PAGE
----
The Grade 9s at Diepsloot Combined School are learning to do the robot as they learn new skills in the artificial intelligence (AI) and robotics field this term.
The AI and Robotics for the Future learning experience was launched at the school on Peach Road on 2 August. Introduced by educational specialist I-Innovate in order to develop 21st-century skills in under-developed communities, the programme is sponsored by IT Service provider, Tata Consultancy Service (TCS).
TCS employees will be mentoring learner-led teams throughout the experience, both in-person and online, as they apply their new knowledge to a local or global challenge during the current school term.
“We believe that by making AI concepts exciting and accessible to today’s learners, we can help prepare and inspire tomorrow’s innovative problem-solvers,” said Trisha Crookes, the chief operating officer of I-Innovate.
“There is a growing need across industries for 21st-century skills such as problem-solving, creativity, collaboration and computational science.
“We want to introduce students to relevant and experiential new styles of learning that spark students’ passion in these subjects, and fuel that passion with real-world opportunities for their future,” said Crookes.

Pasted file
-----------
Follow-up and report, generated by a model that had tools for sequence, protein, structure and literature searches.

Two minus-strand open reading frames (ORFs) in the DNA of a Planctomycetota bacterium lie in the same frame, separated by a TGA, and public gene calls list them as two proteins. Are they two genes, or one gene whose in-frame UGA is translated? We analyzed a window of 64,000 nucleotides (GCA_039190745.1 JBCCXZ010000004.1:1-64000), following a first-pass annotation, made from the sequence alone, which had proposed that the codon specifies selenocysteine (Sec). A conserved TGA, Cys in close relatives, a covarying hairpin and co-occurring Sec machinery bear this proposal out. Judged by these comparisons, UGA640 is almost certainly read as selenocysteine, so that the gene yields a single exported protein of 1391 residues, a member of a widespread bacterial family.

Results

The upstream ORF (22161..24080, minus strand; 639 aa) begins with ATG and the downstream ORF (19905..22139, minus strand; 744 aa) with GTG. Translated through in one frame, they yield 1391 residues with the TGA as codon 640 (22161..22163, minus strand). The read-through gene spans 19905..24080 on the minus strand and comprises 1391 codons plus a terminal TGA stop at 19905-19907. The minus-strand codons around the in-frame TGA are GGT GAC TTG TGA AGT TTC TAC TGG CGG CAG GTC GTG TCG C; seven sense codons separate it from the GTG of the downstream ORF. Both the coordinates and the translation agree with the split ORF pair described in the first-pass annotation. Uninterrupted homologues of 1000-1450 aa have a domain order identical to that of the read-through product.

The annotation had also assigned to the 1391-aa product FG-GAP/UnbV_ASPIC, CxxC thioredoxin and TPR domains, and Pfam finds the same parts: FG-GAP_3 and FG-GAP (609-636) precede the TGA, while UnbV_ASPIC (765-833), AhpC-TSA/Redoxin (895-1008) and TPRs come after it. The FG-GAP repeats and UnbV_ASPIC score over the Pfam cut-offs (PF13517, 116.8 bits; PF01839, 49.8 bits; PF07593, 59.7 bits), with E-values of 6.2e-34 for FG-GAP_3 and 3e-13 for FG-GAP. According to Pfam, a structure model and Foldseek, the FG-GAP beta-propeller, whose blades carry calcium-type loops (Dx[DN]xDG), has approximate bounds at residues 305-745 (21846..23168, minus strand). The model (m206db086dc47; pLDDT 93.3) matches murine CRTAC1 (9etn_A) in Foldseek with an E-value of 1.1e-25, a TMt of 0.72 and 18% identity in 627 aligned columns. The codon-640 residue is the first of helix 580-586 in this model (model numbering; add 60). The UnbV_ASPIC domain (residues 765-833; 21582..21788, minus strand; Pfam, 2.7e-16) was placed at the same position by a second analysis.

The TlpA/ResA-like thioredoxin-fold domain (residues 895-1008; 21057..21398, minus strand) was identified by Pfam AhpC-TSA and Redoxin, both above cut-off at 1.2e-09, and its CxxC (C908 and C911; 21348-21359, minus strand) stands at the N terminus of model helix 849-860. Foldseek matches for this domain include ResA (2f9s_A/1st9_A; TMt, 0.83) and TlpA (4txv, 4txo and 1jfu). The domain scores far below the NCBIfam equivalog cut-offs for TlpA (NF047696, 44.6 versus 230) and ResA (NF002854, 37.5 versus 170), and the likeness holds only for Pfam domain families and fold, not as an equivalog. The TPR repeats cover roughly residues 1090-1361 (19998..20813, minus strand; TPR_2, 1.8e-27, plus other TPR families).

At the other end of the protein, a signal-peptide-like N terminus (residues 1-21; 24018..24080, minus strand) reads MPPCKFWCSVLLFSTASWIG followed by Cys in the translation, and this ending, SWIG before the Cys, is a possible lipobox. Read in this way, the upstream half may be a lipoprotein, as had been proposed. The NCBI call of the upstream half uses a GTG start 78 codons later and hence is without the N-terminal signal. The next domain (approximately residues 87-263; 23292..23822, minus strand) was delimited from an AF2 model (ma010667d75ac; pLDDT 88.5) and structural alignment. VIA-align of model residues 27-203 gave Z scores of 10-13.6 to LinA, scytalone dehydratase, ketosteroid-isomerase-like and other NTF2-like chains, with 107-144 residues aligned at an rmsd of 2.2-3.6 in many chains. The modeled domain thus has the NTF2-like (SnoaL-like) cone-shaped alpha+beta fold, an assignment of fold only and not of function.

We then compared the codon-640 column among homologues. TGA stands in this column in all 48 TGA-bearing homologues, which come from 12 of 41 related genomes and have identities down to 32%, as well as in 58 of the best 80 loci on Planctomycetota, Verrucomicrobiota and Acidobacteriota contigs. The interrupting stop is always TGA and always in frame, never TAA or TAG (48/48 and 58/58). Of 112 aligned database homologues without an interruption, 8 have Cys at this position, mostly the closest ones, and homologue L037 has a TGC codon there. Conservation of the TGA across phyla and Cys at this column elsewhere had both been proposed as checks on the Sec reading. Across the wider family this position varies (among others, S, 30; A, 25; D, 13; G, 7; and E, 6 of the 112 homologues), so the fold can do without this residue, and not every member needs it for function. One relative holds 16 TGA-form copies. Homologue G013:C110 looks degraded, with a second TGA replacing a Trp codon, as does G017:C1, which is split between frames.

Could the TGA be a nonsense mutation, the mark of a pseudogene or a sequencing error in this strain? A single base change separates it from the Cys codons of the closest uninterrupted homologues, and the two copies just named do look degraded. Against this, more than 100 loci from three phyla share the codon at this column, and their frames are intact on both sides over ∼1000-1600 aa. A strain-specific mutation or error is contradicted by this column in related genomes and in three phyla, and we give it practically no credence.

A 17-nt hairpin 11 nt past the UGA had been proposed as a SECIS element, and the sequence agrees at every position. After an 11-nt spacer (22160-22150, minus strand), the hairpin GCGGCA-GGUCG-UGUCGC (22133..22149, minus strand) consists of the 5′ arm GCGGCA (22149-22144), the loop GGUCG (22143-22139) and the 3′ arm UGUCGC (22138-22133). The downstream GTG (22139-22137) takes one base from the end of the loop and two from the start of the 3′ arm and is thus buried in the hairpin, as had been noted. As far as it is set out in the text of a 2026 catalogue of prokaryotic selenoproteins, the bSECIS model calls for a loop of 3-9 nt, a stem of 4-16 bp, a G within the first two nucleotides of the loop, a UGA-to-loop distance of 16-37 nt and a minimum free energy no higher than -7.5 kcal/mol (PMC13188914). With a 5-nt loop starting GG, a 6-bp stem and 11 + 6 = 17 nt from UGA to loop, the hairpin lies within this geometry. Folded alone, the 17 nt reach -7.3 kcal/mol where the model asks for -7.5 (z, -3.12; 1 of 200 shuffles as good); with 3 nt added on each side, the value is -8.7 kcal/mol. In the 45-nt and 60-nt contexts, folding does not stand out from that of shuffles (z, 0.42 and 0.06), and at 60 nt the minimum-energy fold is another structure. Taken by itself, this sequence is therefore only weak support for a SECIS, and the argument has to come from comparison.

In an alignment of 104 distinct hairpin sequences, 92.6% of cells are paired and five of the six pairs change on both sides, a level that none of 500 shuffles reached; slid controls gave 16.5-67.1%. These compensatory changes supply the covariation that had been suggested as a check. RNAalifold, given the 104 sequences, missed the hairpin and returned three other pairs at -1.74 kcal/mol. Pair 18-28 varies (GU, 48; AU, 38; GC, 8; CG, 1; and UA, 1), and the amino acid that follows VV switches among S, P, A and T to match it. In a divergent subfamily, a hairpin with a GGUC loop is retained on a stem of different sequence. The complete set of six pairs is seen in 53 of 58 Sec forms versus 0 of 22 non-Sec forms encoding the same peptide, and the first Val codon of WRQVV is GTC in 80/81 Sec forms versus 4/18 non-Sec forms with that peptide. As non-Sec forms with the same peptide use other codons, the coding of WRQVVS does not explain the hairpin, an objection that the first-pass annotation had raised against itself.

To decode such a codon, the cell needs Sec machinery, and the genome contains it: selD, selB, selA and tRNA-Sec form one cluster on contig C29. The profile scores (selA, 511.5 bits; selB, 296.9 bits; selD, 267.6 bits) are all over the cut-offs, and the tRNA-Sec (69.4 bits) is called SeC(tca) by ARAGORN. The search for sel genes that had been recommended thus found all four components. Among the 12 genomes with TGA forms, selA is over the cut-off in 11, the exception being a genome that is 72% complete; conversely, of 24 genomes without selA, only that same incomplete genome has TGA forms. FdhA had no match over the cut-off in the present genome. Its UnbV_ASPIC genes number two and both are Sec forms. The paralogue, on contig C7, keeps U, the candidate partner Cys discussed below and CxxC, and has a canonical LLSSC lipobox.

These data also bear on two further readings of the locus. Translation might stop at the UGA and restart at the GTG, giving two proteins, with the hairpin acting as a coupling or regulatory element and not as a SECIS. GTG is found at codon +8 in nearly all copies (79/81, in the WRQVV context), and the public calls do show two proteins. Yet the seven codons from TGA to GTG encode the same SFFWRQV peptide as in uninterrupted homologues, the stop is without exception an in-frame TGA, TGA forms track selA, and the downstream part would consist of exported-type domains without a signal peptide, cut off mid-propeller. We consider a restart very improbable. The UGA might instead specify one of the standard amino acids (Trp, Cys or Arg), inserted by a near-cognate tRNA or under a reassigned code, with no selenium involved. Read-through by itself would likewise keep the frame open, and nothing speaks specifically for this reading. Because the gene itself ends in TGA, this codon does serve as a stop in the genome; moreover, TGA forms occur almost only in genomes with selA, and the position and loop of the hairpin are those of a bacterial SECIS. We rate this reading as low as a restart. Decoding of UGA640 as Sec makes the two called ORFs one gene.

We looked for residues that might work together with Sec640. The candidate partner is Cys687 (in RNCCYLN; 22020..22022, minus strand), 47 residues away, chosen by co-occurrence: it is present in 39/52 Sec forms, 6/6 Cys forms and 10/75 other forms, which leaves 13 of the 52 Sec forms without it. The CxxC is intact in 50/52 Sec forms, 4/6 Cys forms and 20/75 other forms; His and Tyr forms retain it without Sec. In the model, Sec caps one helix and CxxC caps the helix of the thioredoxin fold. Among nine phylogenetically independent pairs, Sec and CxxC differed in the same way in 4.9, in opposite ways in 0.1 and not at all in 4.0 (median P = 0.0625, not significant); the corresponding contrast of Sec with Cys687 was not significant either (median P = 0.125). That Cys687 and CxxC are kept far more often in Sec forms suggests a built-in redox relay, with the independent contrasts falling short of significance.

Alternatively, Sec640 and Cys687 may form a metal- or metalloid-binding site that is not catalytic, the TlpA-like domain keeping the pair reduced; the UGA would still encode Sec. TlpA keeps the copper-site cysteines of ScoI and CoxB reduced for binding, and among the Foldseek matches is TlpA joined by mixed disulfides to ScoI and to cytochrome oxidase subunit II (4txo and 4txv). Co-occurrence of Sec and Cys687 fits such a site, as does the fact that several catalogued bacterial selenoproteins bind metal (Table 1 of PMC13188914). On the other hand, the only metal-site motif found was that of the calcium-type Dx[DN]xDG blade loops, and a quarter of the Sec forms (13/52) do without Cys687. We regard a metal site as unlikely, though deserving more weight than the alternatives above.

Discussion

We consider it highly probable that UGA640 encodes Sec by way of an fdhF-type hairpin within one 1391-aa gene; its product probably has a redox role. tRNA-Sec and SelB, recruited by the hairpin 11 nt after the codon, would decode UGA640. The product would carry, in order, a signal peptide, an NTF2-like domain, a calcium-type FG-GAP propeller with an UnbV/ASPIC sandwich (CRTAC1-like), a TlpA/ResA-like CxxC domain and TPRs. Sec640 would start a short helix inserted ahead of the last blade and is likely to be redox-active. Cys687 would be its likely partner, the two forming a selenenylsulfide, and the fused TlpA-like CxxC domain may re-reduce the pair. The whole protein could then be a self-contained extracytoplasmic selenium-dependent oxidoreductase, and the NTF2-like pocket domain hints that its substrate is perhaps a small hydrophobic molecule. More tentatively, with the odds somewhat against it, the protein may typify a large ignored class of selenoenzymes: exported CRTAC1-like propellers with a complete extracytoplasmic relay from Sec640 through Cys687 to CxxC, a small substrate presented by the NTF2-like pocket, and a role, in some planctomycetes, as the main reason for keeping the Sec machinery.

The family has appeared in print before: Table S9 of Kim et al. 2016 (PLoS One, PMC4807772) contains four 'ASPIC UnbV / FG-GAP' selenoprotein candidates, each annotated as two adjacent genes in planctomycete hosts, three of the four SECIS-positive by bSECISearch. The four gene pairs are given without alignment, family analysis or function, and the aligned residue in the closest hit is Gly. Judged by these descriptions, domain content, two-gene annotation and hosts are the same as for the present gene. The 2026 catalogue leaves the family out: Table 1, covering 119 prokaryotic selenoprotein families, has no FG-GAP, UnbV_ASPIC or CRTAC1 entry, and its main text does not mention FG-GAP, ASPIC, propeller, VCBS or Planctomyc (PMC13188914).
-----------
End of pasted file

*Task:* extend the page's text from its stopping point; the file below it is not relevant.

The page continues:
The children of Diepsloot Combined School and their teachers will explore advanced AI technologies such as automation, machine learning, pattern recognition and neural networks through a series of hands-on, innovation sessions. They will also be introduced to coding and robotics for the first time and will discover how to use these technologies for creative problem-solving over the three-month programme.
In honour of the launch, Scott Giles of Defttech brought along Pepper, the first humanoid robot in South Africa, to show the children what the new skills that they are learning are capable of producing. Pepper introduced herself to the watching crowd and even posed for a selfie with a few of the Diepsloot Combined learners before the children got going on their tech knowledge and were asked to build a circuit board in groups.
“[This programme] is an inspiring and highly relevant way to show children that they can make giant leaps in learning and be a real part of the solutions to some of our most pressing local and global challenges,” concluded Crookes.